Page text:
cross pond high tech
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Scooped by Philippe J DEWOST
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AT&T's expanded 1 Gbps fiber rollout could go head to head with Google

U.S. broadband giant AT&T could roll out 1Gbps fiber-optic service to up to 21 new metropolitan areas, including Atlanta,   Chicago, Los Angeles, San Francisco and San Jose, California, the company said Monday.

 

The company's rollout of its U-verse broadband with GigaPower service will also include television service. AT&T had previously   announced plans to build ultra-fast broadband in Austin and Dallas in Texas and in Raleigh-Durham and Winston-Salem, North   Carolina.

 

The company will work with local leaders and groups to discuss ways to bring the ultra-fast broadband service to communities,   the company said in a press release. Communities that have suitable network facilities, and show the strongest investment   deals, based on anticipated demand and the most receptive policies, will influence the company's selections, AT&T said.

Philippe J DEWOST's insight:

1 Gb/s is the new frontier. Google paved the way and now it's expanding. Sony's network in Tokyo even tops 2Gb/s though I wonder how many users actually have the appropriate Ethernet or WiFi interface to deal with such a throughput.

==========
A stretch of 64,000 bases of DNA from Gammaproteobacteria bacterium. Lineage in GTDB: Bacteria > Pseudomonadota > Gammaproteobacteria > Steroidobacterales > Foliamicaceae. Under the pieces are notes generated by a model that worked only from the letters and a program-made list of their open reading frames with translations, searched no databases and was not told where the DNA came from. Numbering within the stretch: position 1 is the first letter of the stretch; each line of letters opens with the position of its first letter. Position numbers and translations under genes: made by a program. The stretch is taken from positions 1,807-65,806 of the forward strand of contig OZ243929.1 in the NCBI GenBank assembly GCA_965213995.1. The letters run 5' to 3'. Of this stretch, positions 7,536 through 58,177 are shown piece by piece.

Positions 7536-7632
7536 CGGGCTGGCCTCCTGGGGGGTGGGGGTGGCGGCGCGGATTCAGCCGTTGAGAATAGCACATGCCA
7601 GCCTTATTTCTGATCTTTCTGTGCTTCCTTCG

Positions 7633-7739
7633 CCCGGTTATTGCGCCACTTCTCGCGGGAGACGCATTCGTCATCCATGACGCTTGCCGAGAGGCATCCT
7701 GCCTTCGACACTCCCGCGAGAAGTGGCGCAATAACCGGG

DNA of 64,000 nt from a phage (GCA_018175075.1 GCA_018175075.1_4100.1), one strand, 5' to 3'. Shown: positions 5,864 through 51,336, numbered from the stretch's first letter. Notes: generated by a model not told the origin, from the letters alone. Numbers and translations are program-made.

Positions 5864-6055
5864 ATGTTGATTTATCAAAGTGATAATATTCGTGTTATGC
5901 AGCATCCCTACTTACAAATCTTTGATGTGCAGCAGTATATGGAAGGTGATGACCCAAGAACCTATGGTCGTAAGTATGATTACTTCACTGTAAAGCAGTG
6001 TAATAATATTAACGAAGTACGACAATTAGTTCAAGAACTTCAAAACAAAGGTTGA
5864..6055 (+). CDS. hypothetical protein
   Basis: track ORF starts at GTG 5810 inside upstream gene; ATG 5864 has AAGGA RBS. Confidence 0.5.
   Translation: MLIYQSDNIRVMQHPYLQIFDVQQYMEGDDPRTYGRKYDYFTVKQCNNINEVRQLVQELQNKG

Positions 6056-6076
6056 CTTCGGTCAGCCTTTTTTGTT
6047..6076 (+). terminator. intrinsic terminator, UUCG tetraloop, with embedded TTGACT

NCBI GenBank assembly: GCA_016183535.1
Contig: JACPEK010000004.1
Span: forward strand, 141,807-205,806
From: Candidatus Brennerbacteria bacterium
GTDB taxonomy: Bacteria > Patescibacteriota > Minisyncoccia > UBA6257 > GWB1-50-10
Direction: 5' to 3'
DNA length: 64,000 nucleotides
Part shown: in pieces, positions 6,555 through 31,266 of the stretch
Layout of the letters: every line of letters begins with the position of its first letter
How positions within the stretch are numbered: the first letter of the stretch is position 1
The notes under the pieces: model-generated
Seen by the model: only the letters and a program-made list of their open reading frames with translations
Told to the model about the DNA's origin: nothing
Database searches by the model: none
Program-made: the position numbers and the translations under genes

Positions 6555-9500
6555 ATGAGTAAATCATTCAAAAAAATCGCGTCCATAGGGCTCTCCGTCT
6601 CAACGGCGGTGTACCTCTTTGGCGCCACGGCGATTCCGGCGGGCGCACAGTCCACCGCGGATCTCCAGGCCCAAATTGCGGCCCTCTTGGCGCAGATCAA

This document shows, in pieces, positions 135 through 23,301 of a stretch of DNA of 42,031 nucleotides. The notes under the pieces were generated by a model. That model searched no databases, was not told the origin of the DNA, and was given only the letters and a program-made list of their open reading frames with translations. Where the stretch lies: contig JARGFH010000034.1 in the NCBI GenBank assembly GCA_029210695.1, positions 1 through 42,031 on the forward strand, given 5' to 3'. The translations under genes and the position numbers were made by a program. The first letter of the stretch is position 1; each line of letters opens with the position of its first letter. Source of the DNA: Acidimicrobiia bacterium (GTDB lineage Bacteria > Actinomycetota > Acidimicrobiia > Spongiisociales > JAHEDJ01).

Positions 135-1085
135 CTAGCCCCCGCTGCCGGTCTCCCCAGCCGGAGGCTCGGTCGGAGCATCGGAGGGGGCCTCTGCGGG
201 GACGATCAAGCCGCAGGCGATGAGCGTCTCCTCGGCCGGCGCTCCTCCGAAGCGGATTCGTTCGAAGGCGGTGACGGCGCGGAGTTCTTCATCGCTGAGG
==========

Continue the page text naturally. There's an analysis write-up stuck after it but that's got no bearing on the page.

In France Orange is rolling out 500 Mb/s down / 200 Mb/s up which is not too bad. I currently enjoy 300 down / 50 up at home already.

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Scooped by Philippe J DEWOST
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FCC Chief Calls for Gigabit Internet in All 50 States By 2015

FCC Chief Calls for Gigabit Internet in All 50 States By 2015 | cross pond high tech | Scoop.it

"There should be at least one community per state with 1Gbps Internet, to drive innovation, Genachowski said..."

 

Cities around the U.S. will have gigabit-speed Internet access by 2015 if the FCC's wishes come true.

 

All 50 states should have at least one community where consumers can get 1Gbps or faster Internet access by 2015, U.S. Federal Communications Commission Chairman Julius Genachowski said on Friday. Speaking at the U.S. Conference of Mayors Winter Meeting in Washington, D.C., he called the new push for fast networks the Gigabit City Challenge.

 

Gigabit-speed Internet access stimulates technology innovation and associated economic growth, Genachowski said.

"The U.S. needs a critical mass of gigabit communities nationwide so that innovators can develop next-generation applications and services that will drive economic growth and global competitiveness," Genachowski said, according to an FCC press release. He cited Google's new network in Kansas City and a fiber network built by a local utility in Chattanooga, Tennessee, where he said Amazon.com and other companies have created more than 3,700 new jobs over the past three years.

Philippe J DEWOST's insight:

One order of magnitude

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